U.S.: Ruling Could Limit Federal Marijuana Prosecutions
By Steve Elliott
A federal appeals court is expected soon to rule on the scope of the law that could point the way to ending or overturning at least six federal marijuana prosecutions and convictions.
People who are fighting federal marijuana charges say that a recent act of Congress should have stopped the U.S. Department of Justice from prosecuting them, because their activities were legally allowed in their states. Cannabis is still illegal under federal law for any purpose.
"It's been the hardest thing I've ever hard to deal with in my life when you see the government coming down on you for simply trying to be healthy," said Rolland Gregg, who along with his family has fought federal marijuana charges, reports the Associated Press. Gregg said the cannabis plants found on his property in Kirkland, Washington were for medicinal use and in compliance with state law.
A federal jury last year convicted Gregg, his mother and his then-wife of growing 50 to 100 cannabis plants. They had about 70 plants, which, according to their attorney, Phil Telfeyan, was in compliance with Washington's medical marijuana law. The Greggs have prison sentences looming, reports Sudhin Thanawala at the AP.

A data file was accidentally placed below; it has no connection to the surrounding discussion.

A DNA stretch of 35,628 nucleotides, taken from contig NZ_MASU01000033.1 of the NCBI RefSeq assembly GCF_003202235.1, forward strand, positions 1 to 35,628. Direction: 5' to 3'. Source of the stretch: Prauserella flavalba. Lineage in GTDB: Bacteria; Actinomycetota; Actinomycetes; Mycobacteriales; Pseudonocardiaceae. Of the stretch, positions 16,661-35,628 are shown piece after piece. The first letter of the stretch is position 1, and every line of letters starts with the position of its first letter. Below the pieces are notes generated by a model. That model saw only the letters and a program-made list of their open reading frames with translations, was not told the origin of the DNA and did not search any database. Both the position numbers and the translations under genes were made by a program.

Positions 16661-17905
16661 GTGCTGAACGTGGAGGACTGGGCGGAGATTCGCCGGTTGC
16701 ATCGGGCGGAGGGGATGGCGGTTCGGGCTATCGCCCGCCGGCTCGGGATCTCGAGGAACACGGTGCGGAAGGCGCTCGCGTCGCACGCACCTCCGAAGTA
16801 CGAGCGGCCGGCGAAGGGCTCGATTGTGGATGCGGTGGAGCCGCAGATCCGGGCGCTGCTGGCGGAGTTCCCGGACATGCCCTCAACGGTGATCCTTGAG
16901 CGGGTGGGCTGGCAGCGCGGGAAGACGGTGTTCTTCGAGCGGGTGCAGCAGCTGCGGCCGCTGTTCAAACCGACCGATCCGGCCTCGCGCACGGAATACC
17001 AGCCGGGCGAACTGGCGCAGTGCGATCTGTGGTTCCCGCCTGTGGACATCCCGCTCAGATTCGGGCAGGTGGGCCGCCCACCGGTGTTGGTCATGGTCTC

Gregg, 34, who owns an alternative energy company, denied he sold marijuana, saying he used cannabis to treat pain following a snowboarding accident that left him with a broken back and neck. His mother has rheumatoid arthritis and his then-wife had an eating disorder, he said, adding that all three had medical marijuana authorizations.
A Congressional amendment says the DOJ can't use founding Congress allocated to it for 2015 and 2016 to prevent states where medical marijuana is legal from implementing laws allowing its use, distribution and possession. The Court of Appeals for the Ninth Circuit is expected to "clarify" the amendment soon.
The amendment's bipartisan sponsors, California Congessmen Sam Farr (D-Carmel) and Dana Rohrabacher (R-Costa Mesa) say it prohibits the DOJ from going after people who are in compliance with state medical marijuana laws.
""The 9th Circuit is the biggest circuit, one that contains lots of marijuana states. If they were to say, 'The federal government is prohibited from enforcing medical marijuana law,' that would be huge," said Sam Kamin, a professor at the University of Denver Sturm College of Law who studies marijuana regulation.
Alex Kreit, a cannabis law expert at Thomas Jefferson School of Law in San Diego, said the DOJ and marijuana defendants both have strong arguments for their conflicting interpretations of the amendment. "The (amendment's) language is not a model of clarity," he said. "It really is open to a number of different interpretations."